Blowing soil concerning, 'disappointing' for P.E.I. farmers

The blowing soil in parts of P.E.I. is another sign of the difficulty farmers face this season says the P.E.I. Federation of Agriculture. The early onset of winter slowed some soil erosion-prevention measures.

'The more we can do to keep that soil in the field the better'

The lack of snow cover is one of the factors that is contributing to the amount of soil being blown from fields in P.E.I. (Laura Meader/CBC)

Recent high winds and lack of snow mean precious topsoil is blowing off P.E.I. farm fields.

The results are another sign of the difficulty farmers faced this season, says the P.E.I. Federation of Agriculture.

"I think when they see that on their own field they are probably very disappointed. That is a resource that they are paying top dollar for," said executive director Robert Godfrey.

'Killing frost'

Late-autumn rains led to a late potato harvest — then cold, snowy weather arrived early, making made it tough for farmers to plant cover crops that protect fields and restore soil nutrients.

The early winter meant farmers may not have had enough time to plant a cover crop to protect their fields during winter. (Laura Meader/CBC)

Some fields were planted in cover crops that didn't survive.

"There were cover crops planted that either were killed early in September with that killing frost we had September 24," said P.E.I. Potato Board general manager Greg Donald.

"There's other cases they were seeded and didn't germinate."

'The last thing you want to see'

Donald said the blowing soil can be disappointing for farmers to watch.

'With the climate change that we keep experiencing here, the more we can do to keep that soil in the field the better,' says Robert Godfrey with the P.E.I. Federation of Agriculture. (Laura Meader/CBC)

"They are investing a lot of energy and resources to building their soil and improving their soil, and the last thing you want to see is some of it being blown away," Donald said.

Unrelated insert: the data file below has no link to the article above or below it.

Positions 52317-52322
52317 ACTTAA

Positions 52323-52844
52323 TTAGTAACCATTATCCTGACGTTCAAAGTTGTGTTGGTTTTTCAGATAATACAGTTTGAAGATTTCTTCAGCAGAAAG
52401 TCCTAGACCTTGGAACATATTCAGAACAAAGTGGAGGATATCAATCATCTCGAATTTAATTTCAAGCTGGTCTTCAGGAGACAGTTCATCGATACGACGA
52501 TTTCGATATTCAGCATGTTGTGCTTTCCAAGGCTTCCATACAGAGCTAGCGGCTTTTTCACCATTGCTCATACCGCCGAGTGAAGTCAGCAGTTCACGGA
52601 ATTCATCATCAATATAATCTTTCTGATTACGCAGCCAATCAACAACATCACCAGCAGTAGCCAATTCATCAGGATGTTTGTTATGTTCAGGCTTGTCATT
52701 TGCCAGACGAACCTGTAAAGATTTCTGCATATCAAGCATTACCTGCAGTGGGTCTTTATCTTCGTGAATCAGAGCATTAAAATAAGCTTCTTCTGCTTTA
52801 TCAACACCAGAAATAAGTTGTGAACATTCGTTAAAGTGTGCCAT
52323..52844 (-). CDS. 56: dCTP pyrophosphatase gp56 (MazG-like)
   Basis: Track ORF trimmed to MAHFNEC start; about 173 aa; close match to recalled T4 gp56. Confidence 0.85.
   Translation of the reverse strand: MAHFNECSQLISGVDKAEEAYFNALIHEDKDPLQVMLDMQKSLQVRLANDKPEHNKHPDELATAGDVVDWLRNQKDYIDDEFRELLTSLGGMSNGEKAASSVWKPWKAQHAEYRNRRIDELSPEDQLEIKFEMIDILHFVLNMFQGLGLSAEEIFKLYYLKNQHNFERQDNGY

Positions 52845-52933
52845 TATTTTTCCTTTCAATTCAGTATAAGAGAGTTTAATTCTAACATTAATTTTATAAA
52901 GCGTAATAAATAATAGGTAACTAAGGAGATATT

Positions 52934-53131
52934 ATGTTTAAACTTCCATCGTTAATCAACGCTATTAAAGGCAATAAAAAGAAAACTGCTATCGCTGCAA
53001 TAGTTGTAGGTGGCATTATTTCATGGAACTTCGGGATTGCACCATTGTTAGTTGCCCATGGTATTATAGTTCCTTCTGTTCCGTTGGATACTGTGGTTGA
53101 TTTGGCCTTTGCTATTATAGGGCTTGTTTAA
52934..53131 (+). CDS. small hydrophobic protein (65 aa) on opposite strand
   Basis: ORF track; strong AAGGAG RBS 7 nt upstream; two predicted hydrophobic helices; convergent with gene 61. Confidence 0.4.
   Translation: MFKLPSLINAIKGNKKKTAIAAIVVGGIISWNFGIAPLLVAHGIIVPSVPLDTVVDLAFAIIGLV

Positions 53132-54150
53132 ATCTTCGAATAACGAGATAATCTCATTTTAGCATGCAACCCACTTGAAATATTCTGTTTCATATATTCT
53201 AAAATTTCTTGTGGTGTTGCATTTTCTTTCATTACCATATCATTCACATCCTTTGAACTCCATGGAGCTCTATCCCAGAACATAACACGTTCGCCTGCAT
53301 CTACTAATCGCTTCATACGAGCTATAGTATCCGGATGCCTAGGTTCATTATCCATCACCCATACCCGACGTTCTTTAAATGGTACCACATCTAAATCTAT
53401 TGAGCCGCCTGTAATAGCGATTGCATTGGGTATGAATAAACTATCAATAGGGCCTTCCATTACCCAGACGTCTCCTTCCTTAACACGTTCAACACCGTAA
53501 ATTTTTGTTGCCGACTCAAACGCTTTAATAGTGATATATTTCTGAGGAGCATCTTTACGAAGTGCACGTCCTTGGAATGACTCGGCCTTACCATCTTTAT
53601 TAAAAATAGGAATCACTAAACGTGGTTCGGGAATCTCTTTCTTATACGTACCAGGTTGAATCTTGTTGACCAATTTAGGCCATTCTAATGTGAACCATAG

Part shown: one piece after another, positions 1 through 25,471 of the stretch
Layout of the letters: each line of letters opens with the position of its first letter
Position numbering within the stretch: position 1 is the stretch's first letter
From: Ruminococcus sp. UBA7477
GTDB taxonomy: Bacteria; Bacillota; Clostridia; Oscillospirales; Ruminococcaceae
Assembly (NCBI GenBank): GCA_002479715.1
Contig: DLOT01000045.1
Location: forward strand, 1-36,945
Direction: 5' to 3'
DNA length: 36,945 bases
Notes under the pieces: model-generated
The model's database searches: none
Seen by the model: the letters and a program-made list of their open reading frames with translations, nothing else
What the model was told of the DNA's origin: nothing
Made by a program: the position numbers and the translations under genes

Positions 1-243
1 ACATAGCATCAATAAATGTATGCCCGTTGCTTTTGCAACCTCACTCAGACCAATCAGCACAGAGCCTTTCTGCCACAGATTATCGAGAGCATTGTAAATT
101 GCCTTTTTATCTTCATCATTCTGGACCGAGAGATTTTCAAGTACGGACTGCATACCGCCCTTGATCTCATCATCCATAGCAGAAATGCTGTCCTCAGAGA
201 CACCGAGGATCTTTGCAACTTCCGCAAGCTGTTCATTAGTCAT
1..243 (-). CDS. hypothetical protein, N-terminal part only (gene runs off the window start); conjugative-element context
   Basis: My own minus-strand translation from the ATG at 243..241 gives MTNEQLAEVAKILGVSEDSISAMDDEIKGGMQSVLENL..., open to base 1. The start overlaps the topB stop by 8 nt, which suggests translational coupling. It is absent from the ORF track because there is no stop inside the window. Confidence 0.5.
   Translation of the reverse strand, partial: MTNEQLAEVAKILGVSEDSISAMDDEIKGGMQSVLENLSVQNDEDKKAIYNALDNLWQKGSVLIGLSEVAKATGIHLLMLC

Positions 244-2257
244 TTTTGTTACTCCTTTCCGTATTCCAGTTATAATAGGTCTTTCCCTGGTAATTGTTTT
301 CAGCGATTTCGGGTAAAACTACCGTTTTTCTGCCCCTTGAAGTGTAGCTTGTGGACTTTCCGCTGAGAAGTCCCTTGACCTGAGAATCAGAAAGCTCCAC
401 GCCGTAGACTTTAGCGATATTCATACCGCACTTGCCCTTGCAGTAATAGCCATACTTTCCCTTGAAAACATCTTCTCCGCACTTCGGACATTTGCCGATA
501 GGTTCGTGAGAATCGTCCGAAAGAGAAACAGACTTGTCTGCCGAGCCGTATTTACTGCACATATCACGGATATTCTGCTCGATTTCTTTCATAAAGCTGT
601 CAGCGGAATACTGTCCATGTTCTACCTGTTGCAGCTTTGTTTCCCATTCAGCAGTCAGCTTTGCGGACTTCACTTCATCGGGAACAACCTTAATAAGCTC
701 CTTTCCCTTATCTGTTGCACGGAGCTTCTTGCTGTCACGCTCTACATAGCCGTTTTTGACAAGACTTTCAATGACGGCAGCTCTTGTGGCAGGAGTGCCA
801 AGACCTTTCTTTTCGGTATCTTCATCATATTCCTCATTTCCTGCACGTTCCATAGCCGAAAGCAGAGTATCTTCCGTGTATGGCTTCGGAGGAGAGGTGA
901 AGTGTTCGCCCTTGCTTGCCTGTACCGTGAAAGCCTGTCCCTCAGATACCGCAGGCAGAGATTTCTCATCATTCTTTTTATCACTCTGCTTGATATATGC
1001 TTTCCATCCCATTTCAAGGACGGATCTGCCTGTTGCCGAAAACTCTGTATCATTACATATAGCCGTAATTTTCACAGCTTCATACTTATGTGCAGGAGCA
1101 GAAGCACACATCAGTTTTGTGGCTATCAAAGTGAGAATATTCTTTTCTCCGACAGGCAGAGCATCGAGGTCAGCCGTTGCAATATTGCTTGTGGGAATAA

The lack of snow also means there's no protective layer over the soil. 

A dirt buildup had to be cleared recently from Route 112, the Searletown Road in Bedeque by road crews  The Department of Transportation said in a email to CBC that it was not normal for so much topsoil to blow onto the road from nearby fields.

Researching better ways

The extreme weather is making it harder for farmers to avoid problems like these, said Godfrey.

'The last thing you want to see is some of it being blown away,' says Greg Donald, general manager of the P.E.I. Potato Board. (Laura Meader/CBC)
It looks like a desert scene, but it's a field in the Bedeque area of P.E.I. in Monday's high winds. (Laura Meader/CBC)

"With the climate change that we keep experiencing here, the more we can do to keep that soil in the field the better," Godfrey said. 

The Federation of Agriculture says it is doing extensive research into soil protection and hopes to increase educational supports for farmers in the future. 

More P.E.I. news

With files from Laura Meader


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